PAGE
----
Baku F1 circuit makes changes to kerbs and pitlane
By Alan Baldwin
BAKU (Reuters) - Track workers laboured through the night to make changes to the Baku street circuit, which hosts Azerbaijan's first Formula One race on Sunday, after problems with kerb plates lifting in practice.
Race director Charlie Whiting told Reuters on Saturday that the white lines marking the pit lane entry and exit had also been repainted to improve safety.
"Just the lines, that's all, to keep the drivers slightly further left so that there's no misunderstanding if two cars are following and the front one wants to come in," he said of the entry.
"The idea is that it should be slightly clearer to the driver behind that the car is coming in to the pits."
Some drivers had expressed concern about the pit lane approach, which enters a chicane after leaving the long main straight and then continues before reaching the point where the speed limiter comes into force.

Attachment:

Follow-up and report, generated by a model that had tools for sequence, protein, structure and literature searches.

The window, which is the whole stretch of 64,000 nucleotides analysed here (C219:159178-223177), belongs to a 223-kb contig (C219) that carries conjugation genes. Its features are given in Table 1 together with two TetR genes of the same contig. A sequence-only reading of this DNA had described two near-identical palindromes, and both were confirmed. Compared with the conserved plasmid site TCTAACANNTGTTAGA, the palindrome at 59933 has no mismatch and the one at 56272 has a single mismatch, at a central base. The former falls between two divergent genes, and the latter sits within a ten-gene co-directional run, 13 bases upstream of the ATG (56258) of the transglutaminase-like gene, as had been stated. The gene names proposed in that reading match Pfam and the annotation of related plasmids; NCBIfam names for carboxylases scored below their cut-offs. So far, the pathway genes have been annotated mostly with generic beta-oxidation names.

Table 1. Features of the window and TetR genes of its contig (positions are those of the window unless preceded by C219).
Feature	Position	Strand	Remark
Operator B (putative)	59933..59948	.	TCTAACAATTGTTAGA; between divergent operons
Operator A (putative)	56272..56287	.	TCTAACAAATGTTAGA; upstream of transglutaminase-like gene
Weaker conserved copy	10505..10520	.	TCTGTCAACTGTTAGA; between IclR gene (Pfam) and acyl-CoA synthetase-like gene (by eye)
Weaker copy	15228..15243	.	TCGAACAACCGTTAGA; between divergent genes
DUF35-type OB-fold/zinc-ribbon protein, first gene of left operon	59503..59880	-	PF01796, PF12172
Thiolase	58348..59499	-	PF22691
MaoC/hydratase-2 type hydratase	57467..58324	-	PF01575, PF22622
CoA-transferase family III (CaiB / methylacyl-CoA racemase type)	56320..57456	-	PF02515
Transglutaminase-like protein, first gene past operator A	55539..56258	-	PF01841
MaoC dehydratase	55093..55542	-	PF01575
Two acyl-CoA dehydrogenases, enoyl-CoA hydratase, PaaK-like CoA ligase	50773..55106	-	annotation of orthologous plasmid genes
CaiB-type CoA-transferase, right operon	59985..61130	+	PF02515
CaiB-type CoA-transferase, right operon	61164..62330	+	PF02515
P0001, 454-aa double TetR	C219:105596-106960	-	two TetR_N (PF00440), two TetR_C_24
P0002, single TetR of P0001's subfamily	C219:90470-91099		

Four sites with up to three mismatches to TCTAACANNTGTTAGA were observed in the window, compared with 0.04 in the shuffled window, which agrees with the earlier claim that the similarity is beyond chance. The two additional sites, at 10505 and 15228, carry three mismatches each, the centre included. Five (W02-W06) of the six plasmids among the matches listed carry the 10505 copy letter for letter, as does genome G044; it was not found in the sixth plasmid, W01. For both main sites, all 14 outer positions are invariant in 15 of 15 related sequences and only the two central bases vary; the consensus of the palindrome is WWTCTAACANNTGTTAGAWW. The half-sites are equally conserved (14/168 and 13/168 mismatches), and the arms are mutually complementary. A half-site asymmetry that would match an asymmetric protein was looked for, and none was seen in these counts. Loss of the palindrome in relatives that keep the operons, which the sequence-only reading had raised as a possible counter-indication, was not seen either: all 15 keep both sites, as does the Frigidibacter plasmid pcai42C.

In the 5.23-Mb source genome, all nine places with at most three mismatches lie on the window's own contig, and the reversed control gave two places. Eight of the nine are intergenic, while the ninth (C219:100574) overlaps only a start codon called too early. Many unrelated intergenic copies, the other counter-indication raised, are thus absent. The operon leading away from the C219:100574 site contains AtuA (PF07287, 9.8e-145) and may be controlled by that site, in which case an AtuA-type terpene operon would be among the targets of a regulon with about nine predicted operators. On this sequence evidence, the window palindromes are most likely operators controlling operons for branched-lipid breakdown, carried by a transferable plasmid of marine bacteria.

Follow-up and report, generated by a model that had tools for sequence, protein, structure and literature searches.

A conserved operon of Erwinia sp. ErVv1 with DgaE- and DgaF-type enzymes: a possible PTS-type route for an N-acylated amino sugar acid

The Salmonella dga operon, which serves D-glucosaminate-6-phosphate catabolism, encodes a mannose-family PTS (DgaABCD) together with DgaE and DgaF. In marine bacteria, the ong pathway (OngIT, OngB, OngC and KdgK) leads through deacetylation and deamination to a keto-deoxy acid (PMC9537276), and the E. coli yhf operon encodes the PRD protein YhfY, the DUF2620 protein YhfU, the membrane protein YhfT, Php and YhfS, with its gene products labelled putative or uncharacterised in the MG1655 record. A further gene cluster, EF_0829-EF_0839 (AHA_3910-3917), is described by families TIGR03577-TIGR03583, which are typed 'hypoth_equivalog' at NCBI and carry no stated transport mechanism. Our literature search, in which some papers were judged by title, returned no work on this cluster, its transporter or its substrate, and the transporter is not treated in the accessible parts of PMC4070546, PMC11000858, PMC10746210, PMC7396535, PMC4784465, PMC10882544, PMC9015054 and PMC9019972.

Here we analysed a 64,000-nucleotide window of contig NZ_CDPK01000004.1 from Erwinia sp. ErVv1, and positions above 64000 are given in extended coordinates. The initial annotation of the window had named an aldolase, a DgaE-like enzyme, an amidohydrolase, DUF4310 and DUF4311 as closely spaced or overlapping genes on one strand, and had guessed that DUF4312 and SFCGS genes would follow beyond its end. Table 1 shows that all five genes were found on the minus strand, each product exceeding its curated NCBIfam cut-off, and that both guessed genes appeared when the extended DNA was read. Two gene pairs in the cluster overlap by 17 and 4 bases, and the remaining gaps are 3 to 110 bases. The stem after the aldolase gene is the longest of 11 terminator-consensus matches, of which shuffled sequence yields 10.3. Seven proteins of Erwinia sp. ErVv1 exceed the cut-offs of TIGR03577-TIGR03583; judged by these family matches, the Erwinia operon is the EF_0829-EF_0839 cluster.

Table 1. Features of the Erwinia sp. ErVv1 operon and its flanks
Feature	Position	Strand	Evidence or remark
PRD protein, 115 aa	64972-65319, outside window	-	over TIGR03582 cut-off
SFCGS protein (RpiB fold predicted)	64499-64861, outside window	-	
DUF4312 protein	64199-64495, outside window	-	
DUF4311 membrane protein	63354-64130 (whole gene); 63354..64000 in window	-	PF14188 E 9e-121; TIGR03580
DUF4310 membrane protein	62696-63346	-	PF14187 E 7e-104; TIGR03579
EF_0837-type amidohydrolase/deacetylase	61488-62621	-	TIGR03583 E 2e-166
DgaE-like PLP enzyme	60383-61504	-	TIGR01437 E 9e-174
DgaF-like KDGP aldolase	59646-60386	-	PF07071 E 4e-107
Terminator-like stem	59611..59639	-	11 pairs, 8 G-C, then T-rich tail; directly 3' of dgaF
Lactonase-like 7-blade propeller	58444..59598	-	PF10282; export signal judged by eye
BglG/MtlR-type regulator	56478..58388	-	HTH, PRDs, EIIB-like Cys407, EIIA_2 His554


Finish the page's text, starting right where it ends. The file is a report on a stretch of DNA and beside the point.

Whiting said there had been no change in the point at which drivers had to slow.
The kerb plates, which are bolted to concrete inserts into the asphalt, were removed at turns six and 12 and replaced by painted areas that looked like kerbs.
"We decided to do that rather than try and monitor the kerbs," said Whiting, who said the fixings were the same type that Formula One had used without problem in Mexico and Singapore.
"It's a little surprising to see that they are coming up here," he said. "There's clearly something different. We've still got them in a couple of other corners which we don't anticipate any problems with."
The pit exit had been made "a little easier because it was a bit tight at the corner," he added.
Speaking after a briefing for marshals, Whiting said they had been asked to ensure their zones behind the catch fences were clear of litter to help prevent it being blown onto the circuit.
The Baku circuit, which winds around the walls of the medieval town before a 2km straight following the Caspian seafront, has brought in 160 marshals from Bahrain to mentor locals and take up the key positions.
"They are doing a really good job, very pleased with how things are going," said Whiting.
(Editing by Sudipto Ganguly)